James Madison's Presidency: the War of 1812 & the Monroe Doctrine

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  • 0:01 Who was James Madison?
  • 1:22 The War of 1812
  • 2:58 Monroe Doctrine
  • 4:25 Lesson Summary
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Lesson Transcript
Instructor: Nate Sullivan

Nate Sullivan holds a M.A. in History and a M.Ed. He is an adjunct history professor, middle school history teacher, and freelance writer.

In this lesson, we will learn about the presidency of James Madison. We will learn about his contributions and what kind of man he was, but we will focus specifically on the War of 1812 and the Monroe Doctrine.

Who Was James Madison?

Washington. Adams. Jefferson. Madison. Most of us probably know a thing or two about the first three presidents, but how much do we really know about Madison? Let's dig in, and learn who he was and what happened while he was president. We'll be focusing on the War of 1812, but before we do that, let's do some Madison 101. Here we go!

So, James Madison was from Virginia, making him a part of what historians call the Virginia Dynasty, along with Washington, Jefferson, and James Monroe. See, the term Virginia Dynasty refers to the fact that four out of the first five presidents were from Virginia. Madison is considered the father of our Constitution because, well, he basically wrote it.

Like Jefferson before him, he was a Democratic-Republican, which means he was opposed to an overly powerful centralized government. Instead, he favored a limited government with power in the hands of the common people.

Madison was an intellectual. Today, many of us would probably consider him a geek. He was brilliant, but was a poor speaker and had a weak voice. He was pretty shy and small in stature. You get the idea - not someone who commanded respect in the same way Washington did. But, again, he was a brilliant intellectual, and was foundational to setting up our American Republic.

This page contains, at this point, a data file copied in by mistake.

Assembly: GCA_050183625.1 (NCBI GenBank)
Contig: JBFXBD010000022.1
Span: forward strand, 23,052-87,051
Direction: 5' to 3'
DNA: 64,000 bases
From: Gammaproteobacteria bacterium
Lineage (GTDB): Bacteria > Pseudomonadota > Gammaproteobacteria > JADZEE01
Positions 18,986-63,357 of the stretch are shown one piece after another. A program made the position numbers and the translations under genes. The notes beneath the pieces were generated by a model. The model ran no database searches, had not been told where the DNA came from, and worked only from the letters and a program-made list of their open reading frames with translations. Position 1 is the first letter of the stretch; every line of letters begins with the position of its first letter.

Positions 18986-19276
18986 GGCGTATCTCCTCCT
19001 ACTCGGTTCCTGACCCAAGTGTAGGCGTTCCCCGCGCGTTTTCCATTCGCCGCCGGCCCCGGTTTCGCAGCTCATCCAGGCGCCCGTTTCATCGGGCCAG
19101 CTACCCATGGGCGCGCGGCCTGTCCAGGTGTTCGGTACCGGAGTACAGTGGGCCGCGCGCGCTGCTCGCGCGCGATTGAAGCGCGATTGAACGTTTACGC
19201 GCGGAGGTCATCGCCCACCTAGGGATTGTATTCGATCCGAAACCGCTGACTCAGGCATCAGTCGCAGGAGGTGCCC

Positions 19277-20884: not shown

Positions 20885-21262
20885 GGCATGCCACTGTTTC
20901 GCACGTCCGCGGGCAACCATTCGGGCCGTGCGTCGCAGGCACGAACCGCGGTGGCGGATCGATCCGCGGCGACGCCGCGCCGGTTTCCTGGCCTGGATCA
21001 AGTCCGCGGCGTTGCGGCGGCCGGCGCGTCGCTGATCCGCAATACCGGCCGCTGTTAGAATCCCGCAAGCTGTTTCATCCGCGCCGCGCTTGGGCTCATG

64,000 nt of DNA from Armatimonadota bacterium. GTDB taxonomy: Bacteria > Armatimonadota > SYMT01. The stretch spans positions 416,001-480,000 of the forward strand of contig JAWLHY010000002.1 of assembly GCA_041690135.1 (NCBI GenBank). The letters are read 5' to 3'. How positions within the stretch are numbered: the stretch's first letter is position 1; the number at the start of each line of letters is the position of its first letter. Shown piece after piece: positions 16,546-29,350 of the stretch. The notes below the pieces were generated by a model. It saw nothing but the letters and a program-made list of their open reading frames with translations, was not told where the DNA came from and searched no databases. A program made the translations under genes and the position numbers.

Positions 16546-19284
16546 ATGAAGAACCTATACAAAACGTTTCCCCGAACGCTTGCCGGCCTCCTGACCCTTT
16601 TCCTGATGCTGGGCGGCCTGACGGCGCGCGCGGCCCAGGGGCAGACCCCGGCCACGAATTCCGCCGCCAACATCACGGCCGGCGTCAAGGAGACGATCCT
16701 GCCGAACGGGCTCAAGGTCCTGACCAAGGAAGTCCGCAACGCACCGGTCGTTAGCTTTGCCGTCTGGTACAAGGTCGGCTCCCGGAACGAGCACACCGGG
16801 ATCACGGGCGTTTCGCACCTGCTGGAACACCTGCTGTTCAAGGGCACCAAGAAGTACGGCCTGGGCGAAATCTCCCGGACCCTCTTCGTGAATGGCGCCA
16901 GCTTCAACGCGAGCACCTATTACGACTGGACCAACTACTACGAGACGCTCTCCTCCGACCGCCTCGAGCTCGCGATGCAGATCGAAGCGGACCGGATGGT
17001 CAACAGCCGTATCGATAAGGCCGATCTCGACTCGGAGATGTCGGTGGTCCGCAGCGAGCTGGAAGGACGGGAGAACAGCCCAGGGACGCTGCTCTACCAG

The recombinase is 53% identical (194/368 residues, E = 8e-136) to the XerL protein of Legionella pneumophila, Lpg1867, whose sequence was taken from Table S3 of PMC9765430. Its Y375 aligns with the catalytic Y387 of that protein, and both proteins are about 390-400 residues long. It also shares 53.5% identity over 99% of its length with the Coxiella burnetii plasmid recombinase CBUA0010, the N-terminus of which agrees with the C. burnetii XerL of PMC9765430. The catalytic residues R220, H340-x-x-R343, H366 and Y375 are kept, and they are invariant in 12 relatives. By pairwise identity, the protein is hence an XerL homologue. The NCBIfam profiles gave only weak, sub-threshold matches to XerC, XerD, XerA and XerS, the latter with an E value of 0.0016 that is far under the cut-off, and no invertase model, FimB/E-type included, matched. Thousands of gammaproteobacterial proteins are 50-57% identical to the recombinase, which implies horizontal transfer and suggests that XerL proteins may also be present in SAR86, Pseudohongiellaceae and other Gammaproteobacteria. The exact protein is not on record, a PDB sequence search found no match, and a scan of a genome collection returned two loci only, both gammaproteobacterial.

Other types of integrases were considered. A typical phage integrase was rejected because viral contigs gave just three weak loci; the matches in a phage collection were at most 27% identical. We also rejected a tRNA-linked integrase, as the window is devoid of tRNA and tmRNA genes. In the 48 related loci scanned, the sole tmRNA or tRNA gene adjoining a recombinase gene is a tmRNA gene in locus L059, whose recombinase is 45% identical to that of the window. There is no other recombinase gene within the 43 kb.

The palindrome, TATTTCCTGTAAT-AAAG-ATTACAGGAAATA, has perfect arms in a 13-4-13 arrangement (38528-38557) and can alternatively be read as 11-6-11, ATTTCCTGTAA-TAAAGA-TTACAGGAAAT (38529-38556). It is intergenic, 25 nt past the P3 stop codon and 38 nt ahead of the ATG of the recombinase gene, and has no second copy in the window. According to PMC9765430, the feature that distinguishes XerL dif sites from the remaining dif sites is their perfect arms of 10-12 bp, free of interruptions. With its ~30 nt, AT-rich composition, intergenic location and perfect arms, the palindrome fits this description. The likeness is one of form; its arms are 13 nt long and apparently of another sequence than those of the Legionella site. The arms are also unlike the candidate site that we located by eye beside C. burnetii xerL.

The War of 1812

Probably the most significant event that took place during the Madison administration was the War of 1812. The War of 1812 was fought between the United States and Great Britain between 1812-1815. It was fought over a number of complex issues, including British impressment of American sailors, British support for Native American raids against Americans, trade restrictions, and disputed territory. Whoa! Wait a second, what is impressment you may ask? It's basically stealing sailors and forcing them to fight for you instead of their native country. See, during this time, Great Britain had been kidnapping American sailors and forcing them to fight in the Royal Navy.

Major fighting took place at sea on the Atlantic Ocean, along the American-Canadian border, along the Gulf of Mexico, and in the mid-Atlantic region. The most dramatic moment of the War of 1812 occurred when British troops invaded Washington, D.C., and burned down the White House! The shelling of Fort McHenry was also an important event in the War of 1812 because it was during this battle that Francis Scott Key penned the American National Anthem.

Over the course of the war, both the Americans and the British won important battles. With both sides war-weary and neither making much progress, the Treaty of Ghent was signed on December 24, 1814. The Treaty of Ghent ended the War of 1812 and restored boundaries to their pre-war status. The War of 1812 basically ended as a draw with neither side getting much out of it. And, that's the War of 1812 in a nutshell!

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